Alternative Assessments

Alternative or Authentic Assessments


Student’s Experience with Alternative Assessments

During my time at UTA, I’ve had the fortune to experience many different forms of teaching from various academic disciplines. While each discipline has their own teaching methodology, the ones where I remember the skills and concepts the most (even after a couple years) are the ones that utilized alternative assessments.

I found cramming for a 60-question exam was not helping me learn the course material as much as me trying to present my poster presentation in front of my peers. By being able to focus on the quality of the work I was putting into projects, essays, or presentations, I was learning how to apply the newly learned skills rather than trying to remember it for a timed exam.

Having alternative forms of assessments allow for the work library to expand for students. Rather than just having a GPA or a list of courses I’ve taken, having a portfolio with work helps to show what I can do rather than trying to advocate for my skills on a resume.



an alternative to standard tests and exams, provide a true evaluation of what the student has learned, going beyond acquired knowledge to focus on what the student has actually learned by looking at their application of this knowledge.

Traditional Assessment Vs Alternative Assessment


Approaches to Alternative Assessments

  1. Use multiple forms of assessment that align with learning goals in each unit
    a. Allows for a more comprehensive and accurate representation of a student’s learning
  2. Consider eliminating midterms and/or final exams
    a. Shorter, more frequent, and varied assessments are a better way for students to solidify concepts and skills
  3. Allow students to self-assess and engage in peer review and revision with possible
    a. Replicates the kind of work they will do in their careers
  4. Revise late work and “zero” policies
    a. Student will never be able to achieve a passing grade if they have a couple zeroes on their record; this allows for holding the students accountable for doing their work, even if it is late
  5. Allow students to do test corrections to show they understand their mistakes
    a. Lets students understand what they got wrong and can demonstrate that they know how to correct their errors
  6. Refrain from grading the first assignment(s) each semester
    a. Lowers stress and allows students to focus on the learning instead of just the grade
  7. Diversity teaching strategies to include rigorous project/problem-based learning as part of each unit
    a. Assignments can mimic the kind of learning and assessment that takes place outside the classroom


Types of Alternative Assignments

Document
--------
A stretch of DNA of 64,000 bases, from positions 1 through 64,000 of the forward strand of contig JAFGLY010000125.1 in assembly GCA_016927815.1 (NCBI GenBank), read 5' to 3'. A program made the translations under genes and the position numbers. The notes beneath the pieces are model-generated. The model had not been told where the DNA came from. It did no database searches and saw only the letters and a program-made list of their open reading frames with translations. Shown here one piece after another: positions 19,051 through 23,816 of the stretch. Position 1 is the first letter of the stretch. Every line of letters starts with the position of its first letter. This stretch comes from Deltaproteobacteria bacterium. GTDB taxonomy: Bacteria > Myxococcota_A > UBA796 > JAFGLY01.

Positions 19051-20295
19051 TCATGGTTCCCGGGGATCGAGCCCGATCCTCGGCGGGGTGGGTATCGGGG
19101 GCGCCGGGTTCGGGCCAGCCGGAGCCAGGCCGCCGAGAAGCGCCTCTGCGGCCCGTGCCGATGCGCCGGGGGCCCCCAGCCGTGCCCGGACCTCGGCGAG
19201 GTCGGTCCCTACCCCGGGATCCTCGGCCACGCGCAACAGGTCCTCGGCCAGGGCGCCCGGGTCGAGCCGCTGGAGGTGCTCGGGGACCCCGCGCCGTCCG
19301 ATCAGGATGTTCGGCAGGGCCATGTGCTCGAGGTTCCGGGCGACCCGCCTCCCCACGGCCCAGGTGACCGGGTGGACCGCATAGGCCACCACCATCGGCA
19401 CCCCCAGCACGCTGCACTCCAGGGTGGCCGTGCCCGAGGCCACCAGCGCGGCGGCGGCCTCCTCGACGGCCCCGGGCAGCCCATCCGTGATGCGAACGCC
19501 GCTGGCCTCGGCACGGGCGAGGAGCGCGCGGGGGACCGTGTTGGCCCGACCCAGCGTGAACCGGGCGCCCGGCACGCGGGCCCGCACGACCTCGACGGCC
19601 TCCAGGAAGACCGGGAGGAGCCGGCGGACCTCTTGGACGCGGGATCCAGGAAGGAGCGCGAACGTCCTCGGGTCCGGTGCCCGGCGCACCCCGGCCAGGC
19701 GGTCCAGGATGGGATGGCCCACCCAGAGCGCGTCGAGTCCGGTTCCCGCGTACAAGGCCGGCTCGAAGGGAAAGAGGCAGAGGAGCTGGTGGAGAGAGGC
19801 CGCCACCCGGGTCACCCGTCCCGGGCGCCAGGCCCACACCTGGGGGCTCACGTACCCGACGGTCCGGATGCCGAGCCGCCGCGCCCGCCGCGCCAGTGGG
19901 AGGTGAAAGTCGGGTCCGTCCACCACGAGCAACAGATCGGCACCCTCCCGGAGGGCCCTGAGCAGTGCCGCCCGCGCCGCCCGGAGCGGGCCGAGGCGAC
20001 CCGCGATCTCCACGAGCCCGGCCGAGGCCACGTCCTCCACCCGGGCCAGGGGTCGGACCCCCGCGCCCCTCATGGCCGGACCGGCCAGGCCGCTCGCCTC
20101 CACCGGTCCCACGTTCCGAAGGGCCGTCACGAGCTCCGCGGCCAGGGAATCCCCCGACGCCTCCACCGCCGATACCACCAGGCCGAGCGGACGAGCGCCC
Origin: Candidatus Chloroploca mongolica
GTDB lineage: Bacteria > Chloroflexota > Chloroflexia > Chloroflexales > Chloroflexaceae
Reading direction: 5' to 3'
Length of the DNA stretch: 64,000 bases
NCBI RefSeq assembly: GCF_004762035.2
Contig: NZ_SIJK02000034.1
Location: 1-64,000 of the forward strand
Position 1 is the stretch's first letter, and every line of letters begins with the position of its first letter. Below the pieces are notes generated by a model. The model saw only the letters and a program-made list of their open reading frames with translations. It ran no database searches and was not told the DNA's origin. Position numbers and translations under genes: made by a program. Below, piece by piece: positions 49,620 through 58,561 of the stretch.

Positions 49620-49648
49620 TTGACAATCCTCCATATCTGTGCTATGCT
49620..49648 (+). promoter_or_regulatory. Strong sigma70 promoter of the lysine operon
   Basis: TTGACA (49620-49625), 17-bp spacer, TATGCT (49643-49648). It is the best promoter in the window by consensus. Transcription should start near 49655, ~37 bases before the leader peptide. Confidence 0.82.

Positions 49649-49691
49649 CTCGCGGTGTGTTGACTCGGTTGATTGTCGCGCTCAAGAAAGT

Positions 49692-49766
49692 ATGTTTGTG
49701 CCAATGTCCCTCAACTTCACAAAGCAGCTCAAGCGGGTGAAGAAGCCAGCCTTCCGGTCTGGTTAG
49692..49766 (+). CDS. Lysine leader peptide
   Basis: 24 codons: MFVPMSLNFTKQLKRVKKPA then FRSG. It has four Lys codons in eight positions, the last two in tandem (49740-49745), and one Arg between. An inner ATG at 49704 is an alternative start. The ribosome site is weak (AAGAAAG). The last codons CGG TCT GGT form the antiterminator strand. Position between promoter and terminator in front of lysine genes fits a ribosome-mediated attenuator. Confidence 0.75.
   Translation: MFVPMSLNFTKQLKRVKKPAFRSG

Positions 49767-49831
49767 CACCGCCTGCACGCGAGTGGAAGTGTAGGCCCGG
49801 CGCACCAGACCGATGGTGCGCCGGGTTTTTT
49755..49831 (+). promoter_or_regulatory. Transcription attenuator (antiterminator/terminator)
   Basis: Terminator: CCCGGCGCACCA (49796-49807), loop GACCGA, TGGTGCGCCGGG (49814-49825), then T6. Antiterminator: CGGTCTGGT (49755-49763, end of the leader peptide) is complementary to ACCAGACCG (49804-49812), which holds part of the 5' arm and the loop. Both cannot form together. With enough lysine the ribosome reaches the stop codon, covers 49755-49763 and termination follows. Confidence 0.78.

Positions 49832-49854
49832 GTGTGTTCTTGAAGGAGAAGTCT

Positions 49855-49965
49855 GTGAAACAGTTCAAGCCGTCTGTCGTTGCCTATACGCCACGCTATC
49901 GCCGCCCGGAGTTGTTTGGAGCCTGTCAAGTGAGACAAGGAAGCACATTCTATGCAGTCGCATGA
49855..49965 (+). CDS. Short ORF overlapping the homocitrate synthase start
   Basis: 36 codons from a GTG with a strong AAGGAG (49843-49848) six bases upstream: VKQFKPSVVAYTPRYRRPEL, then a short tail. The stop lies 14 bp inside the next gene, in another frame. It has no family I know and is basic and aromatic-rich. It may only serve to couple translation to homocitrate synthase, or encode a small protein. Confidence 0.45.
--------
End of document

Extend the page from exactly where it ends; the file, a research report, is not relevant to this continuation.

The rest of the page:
Letter/Letter to the editor

Requires research disciplinary knowledge, communication skills and creativity


Allows the student being concise and direct


Enhances professional verbal, visual, and written communication skills

Poster Presentation

Teaches professional skills for participation in academic conferences

Portfolio of Work

Demonstrates the evolution of their work over the course of the semester


Allows students to try out their ideas and set their own goals for learning before actually carrying out the projects

Policy Briefs, Reports

Allows students to develop professional skills and become familiar with the specific vocabulary and style of writing in their fields

Case students, Stimulations

Students must apply higher order thinking skills in order to evaluate and apply knowledge, and to analyze the problem


Advances the student knowledge and comprehension, improves skills in active listening, critical inquiry, professional communication, presentation, and group discussion


Allows for a real world application from what was taught in the classroom.


Advances the student critical thinking, being concise, and allows for personal experience of being interviewed

Performance tasks

Allows students to develop professional skills and become familiar with the specific vocabulary

Exhibitions and demonstrations

Teaches professional skills for participation in academic conferences/ relevant disciplines


Allows for self-reflection and a written record of the student’s academic progress

Teacher-created Tests

Allows for the material to be more familiar with what is taught inside the classroom


Provides the student with the exact specifications of what will be expected upon them

Self- and peer- evaluation

Allows for feedback and revision to be prioritized